Middle Childhood and Adolescence Essay

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Middle Childhood and Adolescence Development PSY/375 1-24-11 Deborah Wilkerson Middle Childhood and Adolescence Development Changes in Peer Relationships in Middle Childhood and Adolescence Statistics say that in the stages in middle adolescence 30% of the child’s social life and interactions there are a great stage of peer pressure. These results were compared to the 10% that is experienced during the early childhood. They show that they are competent by demonstrating their behaviors in these peer groups. During the elementary years in school, children have to prove to others that they understand and that they are capable of handling the different situations they find themselves in. They must keep a…show more content…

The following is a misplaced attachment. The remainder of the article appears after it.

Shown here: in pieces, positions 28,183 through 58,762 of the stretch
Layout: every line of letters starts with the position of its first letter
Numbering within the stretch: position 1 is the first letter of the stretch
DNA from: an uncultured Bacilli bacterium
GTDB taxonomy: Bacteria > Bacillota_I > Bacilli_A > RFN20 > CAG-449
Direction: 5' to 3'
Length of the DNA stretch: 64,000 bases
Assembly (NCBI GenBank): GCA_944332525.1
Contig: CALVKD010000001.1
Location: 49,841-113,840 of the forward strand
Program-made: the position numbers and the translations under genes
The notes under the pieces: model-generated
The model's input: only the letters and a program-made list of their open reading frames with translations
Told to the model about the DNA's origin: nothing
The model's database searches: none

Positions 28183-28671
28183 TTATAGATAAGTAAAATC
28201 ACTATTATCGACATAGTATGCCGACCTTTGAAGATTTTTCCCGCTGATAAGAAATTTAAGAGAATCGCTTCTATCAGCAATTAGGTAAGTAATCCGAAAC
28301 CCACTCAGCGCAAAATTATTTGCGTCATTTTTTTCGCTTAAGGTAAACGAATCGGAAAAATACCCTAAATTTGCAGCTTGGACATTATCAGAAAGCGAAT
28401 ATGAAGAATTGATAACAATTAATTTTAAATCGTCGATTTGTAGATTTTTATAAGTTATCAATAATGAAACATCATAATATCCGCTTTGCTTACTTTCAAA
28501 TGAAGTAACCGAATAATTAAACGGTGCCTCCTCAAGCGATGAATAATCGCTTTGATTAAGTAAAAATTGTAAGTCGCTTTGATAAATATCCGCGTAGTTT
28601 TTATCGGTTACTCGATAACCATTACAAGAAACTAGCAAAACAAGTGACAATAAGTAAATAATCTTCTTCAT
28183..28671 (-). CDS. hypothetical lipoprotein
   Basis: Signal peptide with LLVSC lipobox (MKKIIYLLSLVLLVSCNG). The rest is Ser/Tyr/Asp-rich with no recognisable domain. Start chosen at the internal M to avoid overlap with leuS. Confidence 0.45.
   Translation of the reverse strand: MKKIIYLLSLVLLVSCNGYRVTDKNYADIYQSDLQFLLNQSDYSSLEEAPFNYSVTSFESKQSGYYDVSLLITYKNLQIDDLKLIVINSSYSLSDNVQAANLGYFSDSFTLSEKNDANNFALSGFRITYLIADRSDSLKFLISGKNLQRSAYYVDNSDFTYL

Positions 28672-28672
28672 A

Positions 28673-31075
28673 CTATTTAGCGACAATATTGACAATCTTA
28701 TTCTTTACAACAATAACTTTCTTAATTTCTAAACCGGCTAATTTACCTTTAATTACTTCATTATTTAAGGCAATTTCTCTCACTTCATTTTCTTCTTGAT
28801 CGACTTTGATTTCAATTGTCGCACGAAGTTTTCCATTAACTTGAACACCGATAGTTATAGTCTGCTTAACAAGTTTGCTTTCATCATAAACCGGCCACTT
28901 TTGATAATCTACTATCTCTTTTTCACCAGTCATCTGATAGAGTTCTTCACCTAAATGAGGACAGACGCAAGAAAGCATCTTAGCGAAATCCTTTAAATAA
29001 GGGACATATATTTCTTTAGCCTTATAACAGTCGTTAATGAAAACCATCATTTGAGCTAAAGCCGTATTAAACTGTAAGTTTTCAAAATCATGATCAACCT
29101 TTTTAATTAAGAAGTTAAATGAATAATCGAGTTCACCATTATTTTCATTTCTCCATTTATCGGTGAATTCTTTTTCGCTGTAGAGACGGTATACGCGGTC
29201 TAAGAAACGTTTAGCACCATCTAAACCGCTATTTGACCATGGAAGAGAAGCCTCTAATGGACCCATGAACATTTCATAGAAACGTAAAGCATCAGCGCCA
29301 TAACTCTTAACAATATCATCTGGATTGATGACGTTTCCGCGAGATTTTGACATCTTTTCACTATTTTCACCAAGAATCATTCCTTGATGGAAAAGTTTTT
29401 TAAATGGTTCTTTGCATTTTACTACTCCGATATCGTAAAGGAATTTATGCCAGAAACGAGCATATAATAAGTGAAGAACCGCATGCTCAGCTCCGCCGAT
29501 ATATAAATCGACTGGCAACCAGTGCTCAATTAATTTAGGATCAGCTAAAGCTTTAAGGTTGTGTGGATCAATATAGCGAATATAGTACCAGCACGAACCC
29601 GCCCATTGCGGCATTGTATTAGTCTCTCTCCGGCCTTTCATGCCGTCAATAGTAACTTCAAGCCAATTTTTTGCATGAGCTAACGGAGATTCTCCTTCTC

Peer pressure comes from several different directions. It can come from the media, parents, other family members and friends. An adolescent’s self-esteem plays a critical role in peer pressure and often will set the stage for whether a teenager will succumb to their nagging peers or abstains. At this age, one of the greatest influences comes from older peers and their “experiences” with life. Older siblings and friends tend to pressure younger adolescents into indulging in activities that may be detrimental to their well-being, often using status to gain their trust. Status quo and acceptance are important to a young mind. If an adolescent does not have the much needed support from their parents and a positive self- image going into this stage of life, they may be more susceptible to peer pressure. Pressure to use drugs and alcohol are two of the most common forms of peer pressure that an adolescent will experience. At this stage, when a child is coming into their own, they are very impressionable beings. When another peer offers up what sounds like an amazing experience many adolescents will follow suit and give in. Even with the knowledge that drugs and alcohol have a profound effect on the human body, some adolescents will still relinquish their better judgment to “look cool” in front of their peers. Again, status quo comes into play with substance
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